To realize innovation economies, the Middle East must support IP rights

Several Middle Eastern countries have publicly expressed aspirations to evolve from oil-based economies to economies of innovation. And increasingly we’re seeing countries across the region looking to develop their innovation-intensive sectors. Saudi Arabia, for example, has a vision to become an international leader in science and technology. In the United Arab Emirates (UAE) innovation is a pillar of the country’s efforts to build a knowledge-based economy. And Jordan recently launched a National Center for Innovation to facilitate private and public innovation in an effort to spur economic growth. Others in the region are also promoting similar goals.

Yet, as global reports and data show, this region falls short in creating an environment that attracts and fosters innovators. In fact, the Global Innovation Policy Center’s 2018 International IP Index ranked Saudi Arabia, UAE and Jordan 34th, 32nd and 28th, respectively, out of 50 countries evaluated across dozens of indicators covering policy, law, regulation and enforcement.

While the desire is there, the Middle East has a long way to go in realizing its vision of building and sustaining innovative economies.

While these countries are recognized for having certain basic frameworks in place for major intellectual property (IP) rights, uncertainty and lack of enforcement create an unstable environment. Here are a few examples:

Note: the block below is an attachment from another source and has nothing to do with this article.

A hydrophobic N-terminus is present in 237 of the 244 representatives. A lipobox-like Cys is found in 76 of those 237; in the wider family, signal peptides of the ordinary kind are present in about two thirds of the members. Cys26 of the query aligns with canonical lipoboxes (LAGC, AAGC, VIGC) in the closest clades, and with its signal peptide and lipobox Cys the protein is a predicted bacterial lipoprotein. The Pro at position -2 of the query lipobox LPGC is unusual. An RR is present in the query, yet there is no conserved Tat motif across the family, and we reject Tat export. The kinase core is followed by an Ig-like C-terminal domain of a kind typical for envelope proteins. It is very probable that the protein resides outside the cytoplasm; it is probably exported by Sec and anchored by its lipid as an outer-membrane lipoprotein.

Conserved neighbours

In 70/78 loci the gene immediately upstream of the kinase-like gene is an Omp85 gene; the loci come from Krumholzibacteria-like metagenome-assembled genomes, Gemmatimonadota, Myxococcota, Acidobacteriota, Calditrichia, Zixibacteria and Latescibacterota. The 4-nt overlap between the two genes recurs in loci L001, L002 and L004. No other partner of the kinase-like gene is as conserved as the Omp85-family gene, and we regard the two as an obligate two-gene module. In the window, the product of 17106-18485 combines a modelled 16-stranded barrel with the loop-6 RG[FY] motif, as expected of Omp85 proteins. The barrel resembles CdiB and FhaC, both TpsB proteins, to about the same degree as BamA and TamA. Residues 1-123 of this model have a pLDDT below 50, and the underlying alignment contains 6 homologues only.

• In 2013, the Saudi Food and Drug Administration (SDFA) set policies to incentivize and support foreign and domestic innovators through intellectual property and regulatory data protections – as required by international trade agreements. However, these policies are not being upheld. In 2017 the SDFA suspended pharmaceutical patent protection, and for example, allowed a domestic drug manufacturer to market a generic version of an innovative medicine that was created and remains under patent by an American company. Despite multiple patent infringement appeals, the Saudi government did nothing – and, in fact, still allows the generic copycat to distribute its product within the kingdom today, without properly compensating the innovator company.
  • Jordan has the basic legal framework in place for major IP rights, as well as sector-specific IP rights introduced as a result of a U.S. free-trade agreement signed in 2001. However, there is much uncertainty. For example, the availability of patent protections for computer-implemented inventions (CIIs) is unclear – there is no published manual or guidelines for CIIs, nor are CIIs explicitly excluded from patent laws. This uncertainty, combined with high levels of copyright infringement and a software piracy, demonstrate instability for innovators.
  • The UAE employs basic IP protections with a “relatively strong framework” for IP rights enforcement. They also aim to raise awareness about the importance and value of IP rights, but – in reality – lack the policies to properly protect innovators. For example, there are “crucial gaps in protection for life sciences patents,” spanning patent enforcement, regulatory data protection and patent term restoration. Updates are needed to address growing piracy levels and create more robust protections under trademark and design frameworks.

While the desire is there, Middle Eastern countries have a long way to go in realizing the vision of building and sustaining innovative economies. By ignoring or failing to create policies designed to help ensure innovators are rewarded for the resource-intensive process of bringing an innovative new product to market, it sends a message to other countries that their IP rights are not secure in the region. Only by strengthening and enforcing a comprehensive innovation ecosystem, can the Middle East build the innovative future it needs for continued economic growth and prosperity.